Keynote Speakers at the 2016 Common Ground Country Fair
Friday, September 23 – 11 a.m., The Common
Will Allen, Farmer, Founder and CEO of Growing Power, Inc.
Growing Power and The Good Food Revolution
Will Allen is an urban farmer who is transforming the planning, cultivation, production and delivery of good, healthy food to urban and rural populations. The son of a southern sharecropper, he was a professional basketball player and then worked for a number of years in corporate sales and marketing at Procter & Gamble. In 1993 Allen returned to his roots as a farmer to purchase the last remaining registered farm in the City of Milwaukee, where he established and functions as farmer, founder and CEO of the world-preeminent urban farm and nonprofit organization, Growing Power. He is now recognized as a national and international leader in urban and rural agriculture and food policy.
Growing Power produces enough produce and fish year-round to feed thousands. Employing young people from the neighboring housing project and community, Growing Power shows how local food systems can help troubled youths, dismantle racism, create jobs, bring urban and rural communities closer together and improve public health. Today his organization helps develop community food systems across the country.
In 2008 Allen was a John D. and Katherine T. MacArthur Foundation Fellow and "genius grant" winner. He has been given the National Education Association Security Benefit Corporation Award for Outstanding Service to Public Education in recognition of his work with children, teachers and schools.
He continues to do his work out of Growing Power's national headquarters in Milwaukee, Wisconsin, to bring good food to people all over the world to help end poverty.
Saturday, September 24 – 11 a.m., The Common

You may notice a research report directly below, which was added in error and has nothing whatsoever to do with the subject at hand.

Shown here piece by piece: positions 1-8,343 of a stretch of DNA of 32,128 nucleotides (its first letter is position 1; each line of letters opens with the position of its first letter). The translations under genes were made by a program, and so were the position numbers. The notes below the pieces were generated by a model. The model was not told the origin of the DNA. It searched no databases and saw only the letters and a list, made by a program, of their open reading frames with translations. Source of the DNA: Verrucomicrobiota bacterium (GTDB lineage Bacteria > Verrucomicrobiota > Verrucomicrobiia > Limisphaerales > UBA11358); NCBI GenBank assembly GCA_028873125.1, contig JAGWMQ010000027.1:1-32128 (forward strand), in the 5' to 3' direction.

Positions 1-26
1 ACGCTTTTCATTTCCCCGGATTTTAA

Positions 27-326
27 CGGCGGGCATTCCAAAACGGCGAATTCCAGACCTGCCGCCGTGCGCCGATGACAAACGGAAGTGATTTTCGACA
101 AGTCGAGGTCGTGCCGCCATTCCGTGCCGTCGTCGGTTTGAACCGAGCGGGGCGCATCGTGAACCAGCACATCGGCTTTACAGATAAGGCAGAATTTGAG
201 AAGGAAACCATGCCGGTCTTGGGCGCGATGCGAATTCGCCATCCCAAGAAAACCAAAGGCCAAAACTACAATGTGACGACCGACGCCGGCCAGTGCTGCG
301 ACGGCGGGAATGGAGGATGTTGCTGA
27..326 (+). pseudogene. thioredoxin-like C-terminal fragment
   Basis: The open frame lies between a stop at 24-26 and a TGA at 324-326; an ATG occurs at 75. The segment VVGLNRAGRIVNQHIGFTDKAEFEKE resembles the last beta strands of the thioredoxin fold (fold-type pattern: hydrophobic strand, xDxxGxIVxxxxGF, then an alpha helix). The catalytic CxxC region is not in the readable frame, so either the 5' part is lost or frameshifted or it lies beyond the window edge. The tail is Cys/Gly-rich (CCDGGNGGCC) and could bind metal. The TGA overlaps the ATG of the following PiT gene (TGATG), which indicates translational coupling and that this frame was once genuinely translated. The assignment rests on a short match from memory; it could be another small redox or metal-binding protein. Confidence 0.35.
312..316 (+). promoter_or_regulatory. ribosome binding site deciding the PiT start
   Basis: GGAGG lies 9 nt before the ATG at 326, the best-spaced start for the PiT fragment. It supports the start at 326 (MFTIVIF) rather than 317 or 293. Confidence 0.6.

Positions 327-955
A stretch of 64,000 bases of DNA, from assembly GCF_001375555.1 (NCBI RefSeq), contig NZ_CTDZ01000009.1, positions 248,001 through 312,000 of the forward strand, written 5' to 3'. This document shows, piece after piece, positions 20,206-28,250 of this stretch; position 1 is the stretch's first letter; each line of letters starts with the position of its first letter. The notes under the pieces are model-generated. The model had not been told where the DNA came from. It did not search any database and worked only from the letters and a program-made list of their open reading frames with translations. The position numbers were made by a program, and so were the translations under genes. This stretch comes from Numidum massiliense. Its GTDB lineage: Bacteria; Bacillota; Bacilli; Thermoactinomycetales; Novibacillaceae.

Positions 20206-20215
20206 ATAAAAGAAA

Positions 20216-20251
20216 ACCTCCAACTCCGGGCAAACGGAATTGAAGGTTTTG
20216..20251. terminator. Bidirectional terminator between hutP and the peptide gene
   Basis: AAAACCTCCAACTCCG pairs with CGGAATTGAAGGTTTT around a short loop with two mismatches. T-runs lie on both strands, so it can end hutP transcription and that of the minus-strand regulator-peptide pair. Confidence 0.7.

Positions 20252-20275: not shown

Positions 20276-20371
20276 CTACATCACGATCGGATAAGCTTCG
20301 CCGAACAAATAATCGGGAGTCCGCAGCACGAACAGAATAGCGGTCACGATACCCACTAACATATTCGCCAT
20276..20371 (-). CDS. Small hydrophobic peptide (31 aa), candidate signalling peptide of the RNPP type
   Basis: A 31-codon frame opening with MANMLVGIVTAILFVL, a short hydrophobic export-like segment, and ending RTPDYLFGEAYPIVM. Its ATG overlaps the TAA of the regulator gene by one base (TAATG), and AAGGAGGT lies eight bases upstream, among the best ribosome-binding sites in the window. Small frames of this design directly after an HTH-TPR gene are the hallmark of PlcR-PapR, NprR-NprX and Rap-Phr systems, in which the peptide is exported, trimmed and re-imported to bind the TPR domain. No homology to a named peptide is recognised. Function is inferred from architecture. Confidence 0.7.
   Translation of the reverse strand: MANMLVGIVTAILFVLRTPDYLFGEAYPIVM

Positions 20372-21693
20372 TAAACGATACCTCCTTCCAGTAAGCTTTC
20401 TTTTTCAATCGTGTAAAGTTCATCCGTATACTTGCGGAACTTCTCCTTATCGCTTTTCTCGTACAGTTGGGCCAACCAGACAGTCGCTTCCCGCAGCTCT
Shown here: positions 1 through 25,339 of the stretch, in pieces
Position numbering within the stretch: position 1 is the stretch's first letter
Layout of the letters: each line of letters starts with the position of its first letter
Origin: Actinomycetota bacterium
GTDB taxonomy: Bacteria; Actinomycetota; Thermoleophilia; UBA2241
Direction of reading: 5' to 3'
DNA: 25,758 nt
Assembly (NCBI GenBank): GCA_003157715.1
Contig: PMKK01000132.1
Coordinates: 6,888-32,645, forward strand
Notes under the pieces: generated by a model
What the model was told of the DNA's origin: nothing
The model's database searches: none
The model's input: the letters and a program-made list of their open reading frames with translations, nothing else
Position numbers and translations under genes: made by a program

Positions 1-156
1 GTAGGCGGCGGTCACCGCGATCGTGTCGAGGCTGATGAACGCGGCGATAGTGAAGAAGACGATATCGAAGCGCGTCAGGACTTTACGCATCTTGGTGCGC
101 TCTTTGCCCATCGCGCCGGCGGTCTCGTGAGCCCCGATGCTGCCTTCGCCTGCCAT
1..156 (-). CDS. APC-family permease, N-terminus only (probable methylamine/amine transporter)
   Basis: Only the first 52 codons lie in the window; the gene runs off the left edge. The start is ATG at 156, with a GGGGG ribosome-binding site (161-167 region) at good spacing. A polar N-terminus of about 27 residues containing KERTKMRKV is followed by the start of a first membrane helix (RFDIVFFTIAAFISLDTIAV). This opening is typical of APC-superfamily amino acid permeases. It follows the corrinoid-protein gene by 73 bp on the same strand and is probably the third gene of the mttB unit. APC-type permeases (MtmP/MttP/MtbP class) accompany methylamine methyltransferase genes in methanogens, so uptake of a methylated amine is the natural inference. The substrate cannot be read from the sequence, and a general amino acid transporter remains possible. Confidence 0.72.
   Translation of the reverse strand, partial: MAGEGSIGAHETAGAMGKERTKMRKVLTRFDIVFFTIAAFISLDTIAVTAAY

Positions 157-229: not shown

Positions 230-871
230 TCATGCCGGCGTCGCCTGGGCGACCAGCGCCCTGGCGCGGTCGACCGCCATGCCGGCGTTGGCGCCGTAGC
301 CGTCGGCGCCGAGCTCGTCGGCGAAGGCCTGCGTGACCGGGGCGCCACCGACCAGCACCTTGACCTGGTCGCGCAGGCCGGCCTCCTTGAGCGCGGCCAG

Amanda Beal, Vice President of Programs & Policy/Incoming President & CEO, Maine Farmland Trust, and co-author of "A New England Food Vision: Healthy Food for All, Sustainable Farming and Fishing, Thriving Communities."
A New England Food Vision – Considerations for building capacity to produce at least 50 percent of the region's food by 2060
In 2011, along with several other co-authors including MOFGA's previous executive director, Russell Libby, Amanda Beal was part of a team of researchers and food system experts that began to explore in depth the capacity for New England to produce a much higher percentage of its food than it currently does. Over the next few years, "A New England Food Vision: Healthy Food for All, Sustainable Farming and Fishing, Thriving Communities" was developed and published by Food Solutions New England. This vision is a collaborative report, based on extensive research and designed with broad public input, that considers the future of our region: a future in which food nourishes a social, economic and environmental landscape that supports a high quality of life for everyone, including generations to come. Such an aspirational vision has attracted great interest and support from farmers, fishermen, policymakers, academics and many others. Yet as the path toward achieving this vision emerges, it remains largely to be built, and Maine plays an especially important role in the potential to produce 50 percent of the region's food by 2060. Beal will give an overview of "A New England Food Vision" and describe how it is being used by numerous individuals and organizations. She will tell what needs to be done to achieve the goal of producing at least 50 percent of the region's food by 2060.